Early-May northeasterlies
Highland sunshine

by Philip Eden


The coastal fringe of southeast England enjoys almost 1800 hours of sunshine in a typical year, roughly 75 per cent more than the western highlands of Scotland

This contrast between North-west and South-east is least apparent during spring when southwesterly winds are at their least frequent. In May the normal pattern is reversed: the average monthly sunshine in London is 200 hours and in the Midlands just 180 hours, compared with 205 hours on the Isle of Skye and 235 hours on Tiree in the Inner Hebrides. This reflects a peak at this time of the year in the frequency of northeasterly winds which carry persistent cloud from the North Sea to eastern England and eastern Scotland, while western Scotland benefits from the shelter provided by the highlands.


The weather of the last week or so has provided a perfect illustration of these northeasterlies at work. During the first ten days of this month the sun shone for a total of 92 hours at Tiree, 80 hours at Stornoway on the Isle of Lewis, and 73 hours at Prestwick on the Ayrshire coast, while in eastern England there has been only 27 hours of sunshine at Norwich, 29 hours at Nottingham and 32 hours at Peterborough. Nor was the sunny weather confined to western Scotland; other western districts have also done well with 95 hours at Penzance, 84 hours at Aldergrove in County Antrim, and 83 hours on the Isle of Man.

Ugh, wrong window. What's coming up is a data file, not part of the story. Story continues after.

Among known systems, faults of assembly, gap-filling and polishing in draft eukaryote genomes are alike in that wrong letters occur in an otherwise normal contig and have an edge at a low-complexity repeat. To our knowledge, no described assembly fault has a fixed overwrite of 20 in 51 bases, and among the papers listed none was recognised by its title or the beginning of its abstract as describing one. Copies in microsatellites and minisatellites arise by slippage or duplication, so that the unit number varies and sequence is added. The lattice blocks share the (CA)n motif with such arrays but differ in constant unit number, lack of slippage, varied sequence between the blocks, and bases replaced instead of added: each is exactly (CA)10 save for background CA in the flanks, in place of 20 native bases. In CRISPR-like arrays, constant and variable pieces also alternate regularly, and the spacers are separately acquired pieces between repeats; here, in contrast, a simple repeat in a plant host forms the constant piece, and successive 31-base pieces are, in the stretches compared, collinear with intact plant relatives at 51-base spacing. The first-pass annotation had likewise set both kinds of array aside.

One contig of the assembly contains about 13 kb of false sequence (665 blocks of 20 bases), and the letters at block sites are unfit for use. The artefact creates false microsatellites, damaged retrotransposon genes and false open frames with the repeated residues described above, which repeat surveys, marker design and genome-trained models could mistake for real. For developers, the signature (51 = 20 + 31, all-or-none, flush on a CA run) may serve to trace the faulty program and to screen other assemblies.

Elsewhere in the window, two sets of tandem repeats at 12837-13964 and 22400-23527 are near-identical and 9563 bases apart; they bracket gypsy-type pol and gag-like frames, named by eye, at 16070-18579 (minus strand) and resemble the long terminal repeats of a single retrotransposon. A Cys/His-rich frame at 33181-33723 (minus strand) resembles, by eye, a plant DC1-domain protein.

As one might expect, these northeasterly winds have also had an impact on temperatures which have soared into the seventies in the western highlands, but struggled to reach the fifties along the east coast of England. Last Tuesday, for instance, the mercury climbed to 22.1C at Dalmally in the Strath of Orchy, Argyllshire, while at Loftus, near Redcar in North Yorkshire, the day's maximum was a mere 8.6C. It was even colder along the North Sea coast on Thursday when the temperature at Loftus climbed no higher than 7.7C.


The coming week will bring a return of southwesterly winds, and that means that the warmest and brightest weather will be found in eastern England - a welcome relief, no doubt, from the recent cold and gloom.